Tambourelli probably originated somewhere in Africa, then spread to Italy and much later by an around about way came to land on the bonny shores of Galloway, in Scotland. The game was played with a shuttlecock (as apposed to a ball in Italy), and was developed in Scotland before spreading to various parts of Britain.
Tambourelli is played on a rectangular court 30ft by 13ft (9.14 meters by 3.96 meters). A centre line bisects the court lengthways. The net, which bisects the court across its width, should be 5ft 8ins (1.73meters) high (See diagram 1).
In the spirit of Tambourelli, all players are requested to bow to their opponent at the start of each match.
-A point is started by a player serving the shuttlecock over the net into the opponent's court (see Service). The opponent returns the shuttlecock and the rally continues until one of the following incidents occurs:
I. The shuttlecock lands within the boundaries of the court on your opponent's side of the net (you win the point),
II. Your opponent's shot lands outside the boundaries of the court (you win the point),
III. Your opponent's shot fails to go over the net (you win the point),
IV. From your shot, your opponent hits the shuttlecock before it crossed the net into their side of the court (you win the point).
-A game is concluded when one player or doubles pairing accumulates 21 points. In the event of the score reaching 20-20, the first player(s) to go ahead by 2 clear points wins the game.
-A point is added to the score of the player or doubles pairing that won the rally regardless of whether they are the serving or receiving player(s).
-A let shall be granted when:
I. Any disagreement arises over the outcome of a point (at the Umpire's discretion),
II. When the shuttlecock hits the ceiling during a rally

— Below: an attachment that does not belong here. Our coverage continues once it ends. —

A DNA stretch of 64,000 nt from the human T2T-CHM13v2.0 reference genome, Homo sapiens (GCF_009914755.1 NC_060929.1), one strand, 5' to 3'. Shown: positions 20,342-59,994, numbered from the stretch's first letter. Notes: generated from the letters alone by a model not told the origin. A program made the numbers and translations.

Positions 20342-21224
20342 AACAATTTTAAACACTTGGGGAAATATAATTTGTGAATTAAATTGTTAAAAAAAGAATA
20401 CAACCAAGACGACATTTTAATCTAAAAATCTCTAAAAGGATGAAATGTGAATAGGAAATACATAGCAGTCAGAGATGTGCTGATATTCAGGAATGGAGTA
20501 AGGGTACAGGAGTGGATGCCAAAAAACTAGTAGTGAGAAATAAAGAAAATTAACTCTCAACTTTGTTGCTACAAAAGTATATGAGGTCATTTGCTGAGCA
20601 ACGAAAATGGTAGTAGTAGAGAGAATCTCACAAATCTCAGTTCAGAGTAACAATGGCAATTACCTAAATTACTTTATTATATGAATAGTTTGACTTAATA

'Double-hit' Lets (applies to doubles only).
During play a situation may arise when a doubles pairing will find it necessary to hit the shuttlecock twice in order to return it over the net. This 'double-hit' can be played twice by one player or once by each player.
If both doubles pairing utilize the 'double-hit' win the rally, they will only be granted a let. This is called a 'point saved'.
If both doubles pairings utilize the 'double-hit' within a rally, the let is cancelled making the point available to be won by either doubles pairing.
A doubles pairing can not utilize a second 'double-hit' during a rally until the first has been cancelled out by an opposing 'double-hit'.
-During the act of service the bat can not be raised above the shoulder height of the server.
-One foot must be touching the baseline.
-If the first serve is unsuccessful a second serve is awarded. Failure to complete the second serve will result in a â€˜double faultâ€™, with a point being awarded to the opposition.
-In singles, the service can be made from any position along the baseline into anywhere on the opponent's side of the court.
-The service is rotated every 5 points. This does not include replayed points (lets).
-If the score reaches 20-20, the service alternates every 2 points.
Playing for service
-Before each match begins, the players must 'play for service'.
-To 'play for service', a rally is started and the player(s) that wins this rally has choice of service or choice of ends. This rally must be longer than 3 hits.
-In doubles, the court is broken into 4 rectangles.
-On service, each player has their own rectangle (area).
-With one foot on the baseline, the serve must serve into the area diagonally across from their area.
-Once each player has had a series of 5 serves, the doubles pairing that is now receiving the serve swap positions.
If the score reaches 20-20, each player now has 2 serves, which alternates as before. The receiving doubles pairing should now revert to their original positions.
Tambourelli Rules are available from www.tambourelli.net